Disarmament: Stalled Processes and Missed Opportunities: Phil Goff Comments on Disarmament Issues with Special Reference to the Weapons of Mass Destruction Commission Report and the Small Arms and Light Weapons Review Conference
Goff, Phil, New Zealand International Review
Disarmament and non-proliferation have long been key elements of New Zealand's foreign policy agenda. We have looked to the multilateral system to further our disarmament and non-proliferation agenda. We are active in the United Nations, particularly in forums such as the Conference on Disarmament and the International Atomic Energy Agency (IAEA) and in other organisations such as the Comprehensive Nuclear Test Ban Treaty Organisation, the Organisation for the Prevention of Chemical Weapons and the four export control regimes.
Through a combination of complacency and lack of political will, however, the process of disarmament has stalled. The lack of outcome from last year's NPT Review Conference, the absence of any reference to disarmament in the UN High Level Leaders' Summit outcome document and the on-going deadlock in the Conference on Disarmament, the United Nations' disarmament negotiating body, are indications of the general malaise that currently exists in the disarmament arena. The recent Small Arms and Light Weapons Review Conference ended without agreement or progress.
On 1 June the Weapons of Mass Destruction Commission issued a report entitled 'Weapons of Terror--Freeing the World of Nuclear, Biological and Chemical Arms'.
The Commission, led by Dr Hans Blix, former head of UNMOVIC and the IAEA, was tasked with investigating ways of reducing dangers from weapons of mass destruction and their means of delivery. Its report makes recommendations across four main areas needed to progress the weapons of mass destruction agenda. These are the need: to agree on general principles of action; to reduce the danger of present arsenals; to prevent proliferation; and to work towards outlawing all weapons of mass destruction.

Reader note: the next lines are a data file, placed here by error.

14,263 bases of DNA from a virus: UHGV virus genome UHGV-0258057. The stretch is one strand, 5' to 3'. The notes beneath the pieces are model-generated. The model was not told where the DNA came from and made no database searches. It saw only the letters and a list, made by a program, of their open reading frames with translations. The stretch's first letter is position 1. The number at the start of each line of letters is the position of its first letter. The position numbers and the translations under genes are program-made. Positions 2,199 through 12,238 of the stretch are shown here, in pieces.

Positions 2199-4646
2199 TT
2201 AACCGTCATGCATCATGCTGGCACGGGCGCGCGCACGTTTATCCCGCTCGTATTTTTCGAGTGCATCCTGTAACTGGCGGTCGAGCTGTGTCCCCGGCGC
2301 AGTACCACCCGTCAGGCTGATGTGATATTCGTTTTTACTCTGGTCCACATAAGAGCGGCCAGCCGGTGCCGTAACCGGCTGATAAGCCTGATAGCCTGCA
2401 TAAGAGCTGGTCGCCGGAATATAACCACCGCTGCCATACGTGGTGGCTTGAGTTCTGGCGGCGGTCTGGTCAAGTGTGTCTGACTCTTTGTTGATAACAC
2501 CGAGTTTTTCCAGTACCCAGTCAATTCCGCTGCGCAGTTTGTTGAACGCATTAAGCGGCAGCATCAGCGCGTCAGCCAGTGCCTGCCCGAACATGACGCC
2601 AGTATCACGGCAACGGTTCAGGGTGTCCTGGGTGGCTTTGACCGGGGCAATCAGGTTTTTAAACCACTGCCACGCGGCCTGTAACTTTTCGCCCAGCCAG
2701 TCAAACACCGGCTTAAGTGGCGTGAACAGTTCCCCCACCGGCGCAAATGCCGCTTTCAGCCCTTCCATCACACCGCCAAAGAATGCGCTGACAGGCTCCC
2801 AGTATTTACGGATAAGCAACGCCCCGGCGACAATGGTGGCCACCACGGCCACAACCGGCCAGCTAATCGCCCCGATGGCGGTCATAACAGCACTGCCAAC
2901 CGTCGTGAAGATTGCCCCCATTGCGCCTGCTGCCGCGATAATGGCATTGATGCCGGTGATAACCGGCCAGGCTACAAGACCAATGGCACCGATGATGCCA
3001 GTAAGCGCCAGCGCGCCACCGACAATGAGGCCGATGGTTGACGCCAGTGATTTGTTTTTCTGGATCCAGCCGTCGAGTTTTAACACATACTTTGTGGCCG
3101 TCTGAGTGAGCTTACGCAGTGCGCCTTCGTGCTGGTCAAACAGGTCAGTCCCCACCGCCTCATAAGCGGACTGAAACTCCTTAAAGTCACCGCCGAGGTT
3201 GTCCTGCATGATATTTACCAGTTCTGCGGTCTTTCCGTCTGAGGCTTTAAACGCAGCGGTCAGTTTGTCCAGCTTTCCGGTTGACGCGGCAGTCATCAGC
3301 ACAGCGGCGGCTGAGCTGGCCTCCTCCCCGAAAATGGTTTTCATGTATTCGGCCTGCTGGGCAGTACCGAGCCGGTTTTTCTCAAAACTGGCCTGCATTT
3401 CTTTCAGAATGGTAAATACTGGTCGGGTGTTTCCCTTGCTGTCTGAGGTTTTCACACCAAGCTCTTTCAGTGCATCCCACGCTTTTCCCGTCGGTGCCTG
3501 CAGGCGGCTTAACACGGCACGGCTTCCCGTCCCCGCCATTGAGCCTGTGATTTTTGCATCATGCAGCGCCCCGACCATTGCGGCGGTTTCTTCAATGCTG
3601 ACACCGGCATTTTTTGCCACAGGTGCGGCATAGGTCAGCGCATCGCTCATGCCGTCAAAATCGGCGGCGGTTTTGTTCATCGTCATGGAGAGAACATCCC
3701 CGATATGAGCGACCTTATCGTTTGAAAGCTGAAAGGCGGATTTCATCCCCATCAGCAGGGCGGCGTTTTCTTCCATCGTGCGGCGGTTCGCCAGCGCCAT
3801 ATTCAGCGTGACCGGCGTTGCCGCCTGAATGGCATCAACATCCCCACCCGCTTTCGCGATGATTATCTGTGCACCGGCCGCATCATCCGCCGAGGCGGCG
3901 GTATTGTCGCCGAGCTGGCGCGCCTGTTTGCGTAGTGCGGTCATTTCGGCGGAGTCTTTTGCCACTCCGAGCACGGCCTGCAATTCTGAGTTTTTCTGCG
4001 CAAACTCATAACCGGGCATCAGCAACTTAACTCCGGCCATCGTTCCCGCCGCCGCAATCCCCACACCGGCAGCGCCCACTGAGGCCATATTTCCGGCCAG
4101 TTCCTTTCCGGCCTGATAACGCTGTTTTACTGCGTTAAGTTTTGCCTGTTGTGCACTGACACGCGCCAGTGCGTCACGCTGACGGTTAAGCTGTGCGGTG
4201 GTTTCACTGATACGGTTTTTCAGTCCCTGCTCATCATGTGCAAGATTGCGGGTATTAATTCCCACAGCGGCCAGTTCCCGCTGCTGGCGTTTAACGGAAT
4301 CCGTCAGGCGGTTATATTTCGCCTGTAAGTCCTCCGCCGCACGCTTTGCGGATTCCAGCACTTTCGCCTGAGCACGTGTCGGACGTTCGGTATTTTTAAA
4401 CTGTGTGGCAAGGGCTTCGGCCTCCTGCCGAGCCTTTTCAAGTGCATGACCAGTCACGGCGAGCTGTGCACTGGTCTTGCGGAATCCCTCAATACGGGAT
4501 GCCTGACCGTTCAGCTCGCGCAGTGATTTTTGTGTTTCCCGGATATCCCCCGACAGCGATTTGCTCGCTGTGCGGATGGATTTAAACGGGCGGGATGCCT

New Zealand is supportive of all efforts to achieve progress towards the eradication of all weapons of mass destruction. We are currently undertaking detailed consideration of the report and its recommendations.
Half of the recommendations made in the report address issues concerning nuclear disarmament and non-proliferation. Most are consistent with New Zealand policy. For instance, we have consistently called on all states to adhere to the principles of the NPT. We support efforts to phase out use of highly enriched uranium where possible in favour of low-enriched uranium. We would like to see negotiations begin in the Conference on Disarmament on a fissile material cut-off treaty. We support measures to ensure that nuclear material is secure and does not end up in the hands of terrorist organisations.
Entry into force of the Comprehensive Nuclear Test Ban Treaty (CTBT) remains a key goal for New Zealand and we are active in the development of the treaty's verification regime. New Zealand is host to seven monitoring stations that form part of the treaty's verification network and funding has been obtained in this year's budget to facilitate the establishment of a fully-functional National Data Centre as part of these efforts.
In practical terms, New Zealand is already contributing to the G8 Global Partnership Elimination of Weapons-Grade Plutonium Production (EWGPP) programme, which is one of the report's recommendations. New Zealand contributions are being put towards the establishment of alternative power options in Zheleznogorsk so that the last Russian plutonium producing nuclear reactor, which provides critical heat and electricity for two closed Siberian cities, can be decommissioned.
The Commission calls for universal compliance with and effective implementation of the Chemical Weapons Convention and for the speedy destruction of chemical weapons stocks. New Zealand is contributing to these aims by encouraging and supporting Pacific Islands states to accede to the convention and meet their obligations. We are meeting our own obligations under the convention, including hosting nine inspection visits from OPCW to chemical facilities in New Zealand. …